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MC2 Magazine Motoring Journal Day 10

Wednesday, August 30

St. Louis, Missouri to Indianapolis, Indiana
245 miles today, 3422 miles since Monterey

Visiting Two Midwestern Landmarks – The Arch and the Brickyard

It's pretty much a straight shot across the corn-fed plains of America's heartland today. We started the day bright and early with breakfast under the Gateway Arch on the banks of the Mississippi, while we waited for latecomers to get their cars parked in time for the fly-by aerial photo of the 260 cars, the largest gathering of MINIs since the 300 MINIs in the paddock in Monterey.

Motoring out of St. Louis and across Illinois and Indiana, with at least one contingent heading into quaint old Vandalia, Illinois to visit a three-story fire-breathing dragon (no pictures yet), we were in Indianapolis by 2:30 pm, filing one by one into the infield of the Brickyard, the Indianapolis Motor Speedway, until 412 cars were lined up in the infield. After a pleasant snack lunch and opportunity to meet and chat with the local MINI clubs and Motorists who had streamed in from all over the Midwest, and a quick turn through the Speedway Museum which had an exhibit of the cars of John Cooper that turned open-wheeled racing cars from front-engine to rear, we were assembled back in the pavilion for our driver briefing. We were excited to be told that yes, in fact we would be doing a parade lap on the storied speedway's banked curves, an unusual privilege seldom granted to a group this large.

When we got the command to go to our cars, it wasn't "Ladies and Gentlemen, Start Your Engines." Instead, we heard Jim McDowell, corporate VP for MINI USA and Chris Weiler, the Central Region Business Manager who had arranged this privilege, say: "Ladies and Gentlemen, Let's Motor."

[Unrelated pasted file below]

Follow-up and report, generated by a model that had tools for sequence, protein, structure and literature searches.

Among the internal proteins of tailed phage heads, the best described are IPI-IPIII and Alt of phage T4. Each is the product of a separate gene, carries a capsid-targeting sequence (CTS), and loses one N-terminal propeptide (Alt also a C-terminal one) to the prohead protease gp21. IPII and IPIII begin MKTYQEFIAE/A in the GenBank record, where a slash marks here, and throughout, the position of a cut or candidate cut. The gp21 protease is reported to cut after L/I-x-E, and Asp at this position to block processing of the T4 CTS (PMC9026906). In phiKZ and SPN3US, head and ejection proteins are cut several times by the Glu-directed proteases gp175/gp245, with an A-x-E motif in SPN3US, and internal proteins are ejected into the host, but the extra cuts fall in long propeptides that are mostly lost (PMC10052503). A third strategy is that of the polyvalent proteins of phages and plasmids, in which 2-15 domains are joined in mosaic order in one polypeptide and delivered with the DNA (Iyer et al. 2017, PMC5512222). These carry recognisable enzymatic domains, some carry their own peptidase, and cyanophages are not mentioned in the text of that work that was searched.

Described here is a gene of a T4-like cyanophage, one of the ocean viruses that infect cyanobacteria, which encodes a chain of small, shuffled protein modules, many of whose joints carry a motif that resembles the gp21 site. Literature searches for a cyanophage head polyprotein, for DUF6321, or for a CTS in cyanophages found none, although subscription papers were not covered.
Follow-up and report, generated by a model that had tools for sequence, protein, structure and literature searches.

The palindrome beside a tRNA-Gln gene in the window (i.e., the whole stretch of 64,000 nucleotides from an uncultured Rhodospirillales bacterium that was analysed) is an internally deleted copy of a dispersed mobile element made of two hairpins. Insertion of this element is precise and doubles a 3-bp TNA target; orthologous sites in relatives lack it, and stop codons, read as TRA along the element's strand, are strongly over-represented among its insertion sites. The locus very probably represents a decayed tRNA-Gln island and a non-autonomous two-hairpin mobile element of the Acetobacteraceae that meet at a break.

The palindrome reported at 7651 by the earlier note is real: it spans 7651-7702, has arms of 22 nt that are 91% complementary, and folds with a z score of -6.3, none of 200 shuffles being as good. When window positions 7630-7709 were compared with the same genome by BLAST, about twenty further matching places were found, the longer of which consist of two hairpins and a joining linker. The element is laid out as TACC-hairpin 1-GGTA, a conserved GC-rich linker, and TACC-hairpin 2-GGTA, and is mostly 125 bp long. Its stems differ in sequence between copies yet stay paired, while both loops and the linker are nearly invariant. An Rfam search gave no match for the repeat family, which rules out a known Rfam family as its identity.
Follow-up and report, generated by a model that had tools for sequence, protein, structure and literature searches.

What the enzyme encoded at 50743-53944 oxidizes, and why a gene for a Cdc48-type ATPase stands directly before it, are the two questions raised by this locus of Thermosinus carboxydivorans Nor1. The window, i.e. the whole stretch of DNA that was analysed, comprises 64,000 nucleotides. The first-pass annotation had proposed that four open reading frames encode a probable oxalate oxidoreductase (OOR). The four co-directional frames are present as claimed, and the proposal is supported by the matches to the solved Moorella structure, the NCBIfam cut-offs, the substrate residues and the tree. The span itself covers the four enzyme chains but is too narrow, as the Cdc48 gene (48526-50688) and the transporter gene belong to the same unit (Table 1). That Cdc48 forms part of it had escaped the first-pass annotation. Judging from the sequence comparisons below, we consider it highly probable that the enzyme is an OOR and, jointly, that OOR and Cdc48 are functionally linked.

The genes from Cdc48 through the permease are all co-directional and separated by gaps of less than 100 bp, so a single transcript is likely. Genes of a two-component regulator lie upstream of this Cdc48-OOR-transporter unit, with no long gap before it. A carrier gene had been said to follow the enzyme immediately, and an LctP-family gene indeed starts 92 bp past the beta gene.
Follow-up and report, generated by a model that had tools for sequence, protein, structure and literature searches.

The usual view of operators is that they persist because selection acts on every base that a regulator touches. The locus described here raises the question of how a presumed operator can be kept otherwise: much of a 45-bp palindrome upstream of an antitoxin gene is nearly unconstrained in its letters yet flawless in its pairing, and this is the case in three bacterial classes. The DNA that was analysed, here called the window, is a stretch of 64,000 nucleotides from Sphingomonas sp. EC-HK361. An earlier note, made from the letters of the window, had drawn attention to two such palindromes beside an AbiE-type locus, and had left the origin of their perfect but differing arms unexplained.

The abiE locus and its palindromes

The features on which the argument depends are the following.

Two graceful structures with graceful forms driven by functional requirements, the Works GP aero wing and the St. Louis Gateway Arch.


Okay, maybe some manmade structures aren't quite so graceful, but Rubber Duckie has earned his right to a picture, having been a part of our convoy since the beginning at Monterey.


Taking a picture of your friends with the Gateway Arch in the background can take a little improvising as these coast-to-coast Motorists illustrate. Or, it may simply be that after ten days on the road, we're all getting a little nutty.


The day was gray and overcast, but the bright colors of the MINIs should make this a good picture. The rumor is that the cars were lined up to form a MINI wing, but we won't find out whether that was true or not until we get the pictures taken by the small plane that slowly made three passes across the formation. What we do know is that it was the largest gathering of MINIs since Monterey, with estimates running around 250 cars.


A story we heard later when we arrived at the Speedway concerned two couples who were driving together across Illinois from St. Louis. Dave and Margie Newman, from southern California have been on the entire tour, deciding to join when Dave found himself between jobs and decided that this was an opportunity for adventure that would come only once in a lifetime. Traveling with them since Memphis are Joel and Patty Sandler, distinguished because they couldn't decide whether to drive Patty's red convertible MCS or Joel's gray and slightly hot MCS, so they bought a set of two-way radios and are driving the tour in both cars. Joel and Patty are from Florida, so their tour started there and proceeded up through the southeast before catching up with the tour in Memphis.